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Eating Disorders

The Eating Disorders Support Team

The University of Connecticut's Student Health Services (SHS) has established an Eating Disorders Support Team. Students with eating disorders may participate through self-referral, by referral from a friend, or by referral from another health care professional. Students who participate receive coordinated care that includes medical evaluation, psychiatric and psychological evaluation, nutritional counseling and women's clinic services. Students may choose to start treatment with a brief course of individual psychotherapy offered at SHS. Some may go on to receive - or start with - longer-term individual therapy, which SHS does not offer. Off-campus therapists who practice in the community are available for referrals and may choose to work in conjunction with SHS. Student Health Services also provides an on-going group therapy for those with eating disorders for a nominal fee. If more intensive therapy is required recommendations will be made and assistance with appropriate facilities provided.

What are Eating Disorders?

Eating disorders are not necessarily about food, but food is the tool that people with eating disorders abuse. Eating disorders have both physical and psychological symptoms. They are characterized by abnormal attitudes and feelings about food, weight and body shape, an extreme disruption in eating behaviors and weight management, and intense anxiety about body weight and size.

Eating Disorders usually refer to three different entities: Anorexia Nervosa, Bulimia Nervosa, and Binge Eating Disorder.

Anorexia Nervosa is characterized by restricted eating, self-starvation and excessive weight loss. There is a refusal to maintain weight at or above a minimally normal weight for age and height. An intense fear of gaining weight and an unrealistic fear of becoming fat also exist. Body image is distorted. An unhealthy concern with body weight, shape, and even a particular body area may persist (like "oh, my thighs are so huge").

Bulimia Nervosa is characterized by recurrent episodes of overeating large amounts of food in a short period of time (the binge) followed by some form of purging, including self-induced vomiting, laxative or diuretic abuse, fasting, diet pills, or excessive exercise, intended to prevent weight gain. The attempt to prevent weight gain is often unsuccessful.

Binge Eating Disorder is characterized by recurrent episodes of binge eating that are not followed by inappropriate compensatory behaviors (purging) to prevent weight gain. It often presents with a sense of lack of control over eating during the binge, overeating large amounts of food in a short time period of time, and eating alone because of being embarrassed by the amount one is eating.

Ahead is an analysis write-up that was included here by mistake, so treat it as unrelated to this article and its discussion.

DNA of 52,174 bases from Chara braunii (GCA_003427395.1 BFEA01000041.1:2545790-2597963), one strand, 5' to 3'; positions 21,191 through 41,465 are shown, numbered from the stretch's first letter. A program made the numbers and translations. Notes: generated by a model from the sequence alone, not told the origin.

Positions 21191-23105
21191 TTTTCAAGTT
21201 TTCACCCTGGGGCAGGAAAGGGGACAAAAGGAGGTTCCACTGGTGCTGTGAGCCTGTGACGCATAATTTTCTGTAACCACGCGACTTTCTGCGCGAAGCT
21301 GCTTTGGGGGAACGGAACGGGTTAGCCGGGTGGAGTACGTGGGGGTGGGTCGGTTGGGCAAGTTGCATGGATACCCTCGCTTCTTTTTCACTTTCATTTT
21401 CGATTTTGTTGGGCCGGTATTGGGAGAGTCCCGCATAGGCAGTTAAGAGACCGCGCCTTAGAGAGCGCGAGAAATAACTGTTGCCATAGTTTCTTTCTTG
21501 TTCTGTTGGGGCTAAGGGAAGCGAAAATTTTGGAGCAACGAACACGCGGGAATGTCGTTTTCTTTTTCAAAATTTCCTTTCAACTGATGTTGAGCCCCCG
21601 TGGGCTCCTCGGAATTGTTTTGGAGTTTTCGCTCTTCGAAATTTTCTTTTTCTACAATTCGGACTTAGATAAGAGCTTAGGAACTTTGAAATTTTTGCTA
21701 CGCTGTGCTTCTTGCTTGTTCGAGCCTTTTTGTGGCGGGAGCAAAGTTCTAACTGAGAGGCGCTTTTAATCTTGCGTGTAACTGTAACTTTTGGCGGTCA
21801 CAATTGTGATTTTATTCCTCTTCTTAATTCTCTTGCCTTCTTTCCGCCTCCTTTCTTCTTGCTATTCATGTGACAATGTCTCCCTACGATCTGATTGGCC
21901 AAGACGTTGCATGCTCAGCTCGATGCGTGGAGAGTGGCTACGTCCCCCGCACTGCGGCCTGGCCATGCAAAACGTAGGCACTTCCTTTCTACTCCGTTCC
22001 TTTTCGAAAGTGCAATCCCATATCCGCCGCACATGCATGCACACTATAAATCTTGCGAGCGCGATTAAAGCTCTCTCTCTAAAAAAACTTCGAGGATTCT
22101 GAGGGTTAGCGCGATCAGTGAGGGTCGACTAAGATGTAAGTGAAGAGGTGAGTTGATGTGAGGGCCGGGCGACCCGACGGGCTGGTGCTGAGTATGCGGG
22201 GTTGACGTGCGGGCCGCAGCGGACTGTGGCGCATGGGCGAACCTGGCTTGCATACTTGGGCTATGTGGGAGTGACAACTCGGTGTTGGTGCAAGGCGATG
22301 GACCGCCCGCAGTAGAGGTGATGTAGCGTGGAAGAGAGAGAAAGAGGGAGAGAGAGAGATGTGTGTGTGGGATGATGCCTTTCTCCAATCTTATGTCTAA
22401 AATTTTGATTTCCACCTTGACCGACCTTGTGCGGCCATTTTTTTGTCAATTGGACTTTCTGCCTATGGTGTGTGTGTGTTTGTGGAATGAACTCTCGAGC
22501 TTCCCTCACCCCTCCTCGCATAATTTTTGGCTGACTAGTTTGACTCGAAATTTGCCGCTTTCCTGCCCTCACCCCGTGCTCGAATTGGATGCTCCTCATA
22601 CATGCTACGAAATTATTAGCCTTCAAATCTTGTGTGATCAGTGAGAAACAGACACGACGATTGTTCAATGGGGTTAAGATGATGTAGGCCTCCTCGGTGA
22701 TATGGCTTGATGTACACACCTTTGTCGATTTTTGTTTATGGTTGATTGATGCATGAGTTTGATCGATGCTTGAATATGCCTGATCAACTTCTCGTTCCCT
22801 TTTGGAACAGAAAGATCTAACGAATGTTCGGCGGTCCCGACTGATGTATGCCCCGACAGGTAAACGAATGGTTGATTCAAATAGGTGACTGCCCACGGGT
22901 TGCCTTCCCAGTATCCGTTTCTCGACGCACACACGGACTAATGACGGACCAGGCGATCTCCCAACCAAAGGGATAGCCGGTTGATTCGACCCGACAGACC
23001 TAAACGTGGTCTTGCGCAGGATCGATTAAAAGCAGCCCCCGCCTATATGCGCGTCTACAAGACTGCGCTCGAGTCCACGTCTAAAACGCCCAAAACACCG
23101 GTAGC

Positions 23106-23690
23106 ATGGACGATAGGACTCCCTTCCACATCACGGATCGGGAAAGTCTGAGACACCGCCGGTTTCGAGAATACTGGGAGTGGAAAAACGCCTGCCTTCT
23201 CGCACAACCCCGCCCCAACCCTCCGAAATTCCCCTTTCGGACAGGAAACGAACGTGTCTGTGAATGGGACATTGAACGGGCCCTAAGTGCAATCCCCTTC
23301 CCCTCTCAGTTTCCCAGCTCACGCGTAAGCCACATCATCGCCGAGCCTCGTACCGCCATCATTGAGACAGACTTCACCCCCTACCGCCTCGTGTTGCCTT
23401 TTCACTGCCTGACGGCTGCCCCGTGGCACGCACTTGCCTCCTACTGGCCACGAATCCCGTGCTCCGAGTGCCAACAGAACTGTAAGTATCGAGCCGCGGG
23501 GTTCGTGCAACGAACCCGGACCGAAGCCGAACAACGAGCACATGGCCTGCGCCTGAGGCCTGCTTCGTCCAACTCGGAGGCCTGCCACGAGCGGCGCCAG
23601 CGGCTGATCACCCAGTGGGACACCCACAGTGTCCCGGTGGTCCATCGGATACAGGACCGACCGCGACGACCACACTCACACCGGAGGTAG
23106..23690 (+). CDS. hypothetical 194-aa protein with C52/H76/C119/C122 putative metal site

Medical Complications of Eating Disorders

Sometimes people do not realize the seriousness and potential life threatening effects that can occur from an eating disorder, as well as some of the adverse physical effects that may result. These may occur over time or very quickly and unexpectedly. They may include:

Anorexia Nervosa

  • Weakness and fatigue, syncope (fainting)
  • Emaciation
  • Loss of menses (may or may not affect ability to conceive in the future)
  • Osteoporosis (loss of bone density and fractures, Dowager's hump)
  • Life threatening heart arrhythmias
  • Abnormal temperature regulation (always feeling cold)
  • Depressed immune system
  • Abnormal slowing of heart rate
  • Anemia

Bulimia Nervosa:

  • Life threatening heart arrhythmias
  • Electrolyte abnormalities
  • Swelling of the legs
  • Facial bloating
  • Decaying of teeth
  • Diarrhea
  • Constipation
  • Permanent damage to colon
  • Tears and ruptures of the esophagus
  • Life threatening stomach rupture

Causes of Eating Disorders

Causes of eating disorders are many and multifaceted. Sociocultural, psychological, genetic, and interpersonal issues are all contributing factors. An eating disorder may begin as a natural way to lose weight or get into shape and escalate out of control. There is usually no way to predict who will escalate and who will not. Athletes, dancers, gymnasts, models are probably more susceptible, but not all of these people have eating disorders. Dieting and thinness are encouraged by our society and difficult to avoid. Women and girls especially are consistently taught that their self-worth, hence their self-image, is dependent on their physical appearance. If this often unreasonable expectation of thinness is not met it may lead to feelings of depression, anxiety, lack of control, and inadequacy. In order to cope with these feelings a person may turn to eating (or not eating) as a means to exert some control or happiness over their life. And in the susceptible individual this escalates out of control.

Moving to a college campus may also precipitate problems. There is a new level of physical competition among females, increasing independence over decision-making, and often confusion with the new environment and freedom. This often leads to the development of a simmering eating disorder or the exacerbation of one that already exists.

Do I Have A Problem?

There are many levels of eating disorders. Some general questions which may point to a need for further evaluation include:

  • Do I weigh myself daily?
  • Do I skip at least one meal a day?
  • Do I count calories and fat grams?
  • Am I currently or frequently on a diet?
  • Have I lost weight? How much?
  • Do I experience binge eating?
  • Do I purge (vomit, use laxatives or diuretics) after meals?
  • Do I exercise excessively?
  • Do I exercise because I want to or because I feel I have to?

Do you answer yes often? If so you might want to consider talking to one of the health professionals at Student Health Services or your own provider to learn more.

How to Help Someone

How to Help a Friend:

  • Set a time to talk. Set aside a time for a private meeting with your friend to discuss your concerns openly and honestly in a caring, supportive way. Make sure you will be some place away from other distractions.